My hub and I had planned a Retirement Test Ride (RTR) for September of this year, but that didn’t work out due to changes we encountered with my mother, so we decided to wait until October, when Mom had gotten settled, and take a bike trip to celebrate our 17th wedding anniversary.
We got an early start in the dark, but I had a new Klim Latitude jacket, so I didn’t think I’d need heat. After the first turn, we hit 48 degrees. Burr. We got to the gas stop where we met our friend J who was riding with us to Virginia. I put my heated liner on, hooked it up, we continued on our way, and…no heat. We rode through Cleveland and Clarkesville, then up Historic Highway 441 and stopped at an abandoned gas station. We removed the passenger seat bag, then the seat, checked the wiring; YES, it worked! Put the seat back on, two miles down the road, again no heat. We made it to Clayton, for a scheduled breakfast stop at the Rusty Bike Cafe. The cafe is very biker friendly and serves a great breakfast. After eating, we removed everything again and this time checked all the fuses; everything looked ok, and the heat came on.
Not five miles up the road, again no heat. My temper was heating up now, but not my gear! Our route took us up to 3000 or so feet, and although ‘heated up’ with frustration, I was very cold. We decided we would try the motorcycle shop in Waynesville, to see if they had heated gear accessories, since it was on our route. If they didn’t, we would call Eurosport BMW in Asheville to see if they did. The shop at Waynesville did not have heated gear or accessories, but we removed everything one more time and this time, Hub noticed that the bar which allows seat height adjustment was out of its bracket, and fixed that. Problem solved – Finally! My hero. ❤
Our plan was to take highways to a certain point, then follow the squiggly roads. We dropped off I-40 at Old Fort, NC and took US 70 to NC 80 north. Whew, squiggly we got! In addition to technical curves, the asphalt provided entertainment with frost heaves and cracks, and we rode through beautiful valleys, and along icy looking streams. The autumn color increased as we rose in elevation and approached the Blue Ridge Parkway (BRP). We took a break just before the BRP, and joined several other motorcyclists in stretching our legs and catching our breath following that roller coaster ride!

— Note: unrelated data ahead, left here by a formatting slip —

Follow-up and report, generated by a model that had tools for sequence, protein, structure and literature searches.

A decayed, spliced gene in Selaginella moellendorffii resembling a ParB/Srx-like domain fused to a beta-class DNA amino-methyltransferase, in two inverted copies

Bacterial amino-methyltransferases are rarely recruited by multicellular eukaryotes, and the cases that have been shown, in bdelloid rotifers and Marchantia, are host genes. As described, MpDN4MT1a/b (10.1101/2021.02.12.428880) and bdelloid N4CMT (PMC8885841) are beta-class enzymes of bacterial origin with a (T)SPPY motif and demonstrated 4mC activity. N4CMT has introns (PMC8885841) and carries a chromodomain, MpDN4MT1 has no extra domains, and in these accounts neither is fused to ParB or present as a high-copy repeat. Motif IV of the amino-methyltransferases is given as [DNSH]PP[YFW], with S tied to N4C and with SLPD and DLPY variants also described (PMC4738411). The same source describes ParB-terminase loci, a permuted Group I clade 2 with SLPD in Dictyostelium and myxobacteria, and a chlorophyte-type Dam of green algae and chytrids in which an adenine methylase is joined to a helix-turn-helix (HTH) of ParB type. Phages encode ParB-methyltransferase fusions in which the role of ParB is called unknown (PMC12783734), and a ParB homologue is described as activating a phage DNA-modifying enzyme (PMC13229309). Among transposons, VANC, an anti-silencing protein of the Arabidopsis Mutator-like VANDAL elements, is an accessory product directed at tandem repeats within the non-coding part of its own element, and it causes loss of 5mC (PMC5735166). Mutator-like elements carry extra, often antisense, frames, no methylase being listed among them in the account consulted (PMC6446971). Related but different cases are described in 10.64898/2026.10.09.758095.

Hwy 80 was a bit gentler on the north side of the BRP, but we continued to enjoy rolling curves, hillsides covered with Christmas tree farms, and shades of gold, red and purple decorating the landscape. At one point, a doe ran across the road, probably 25 feet in front of my bike. Hub was right behind me, and it was a heart stopping moment for both of us! At the end of 80, we took a quick jaunt on US 19E, then headed up 261 in Tennessee to Roan Mountain. 261 was narrow, just barely wide enough for two cars to pass, but so covered in leaf debris as to appear almost abandoned. We only saw one other vehicle on the road, which added to the eerie feel of being in the middle of nowhere, and we created great flurries of leaves as we passed. Approaching Roan Mountain the massive expanse was aflame in fall colors! Unfortunately, the road was tight, and the shoulders were steep, so those images will have to be retained in our memories rather than on film. We paused for a photo op atop Roan Mountain, at the NC-TN state line and elevation 5512 feet, where it was a brisk and windy 36 degrees! I could see my breath as I posed for my first photo! At this point, we were worried about our friend J who had to be freezing, since he had a heated gear wiring issue that couldn’t be solved at roadside.
We took a well-deserved break in Elizabethton before heading north on TN 91. This amazing two-lane starts out mild and then tightens into corkscrew curves, before descending back down into Shady Valley. Shady Valley is best known as the home of ‘The Snake’, a lesser-known sibling to the infamous Tail of the Dragon. But more about that in a future post. We headed north on US 421, past Holston Lake, and were treated to a gorgeous autumn display of color. We bobbed and weaved with the cracked pavement, then turned east on TN 44, which turned into VA 75 toward our destination of Abingdon, Virginia. As we marveled over the lavish farms and homesteads on the rolling hills, we saw a gray fox trot across a small bridge toward one of these mansions. Soon we arrived at our home for the next three days, The Martha. This town and hotel deserve their own post, coming soon.
PS: Blogging on the road, with a net-book, is not for sissies. I have massive new respect for my blogging friends who manage to bang out a post every evening, while making long mileage days.
You can read the next installment, our thoughts on Abingdon and The Martha, here.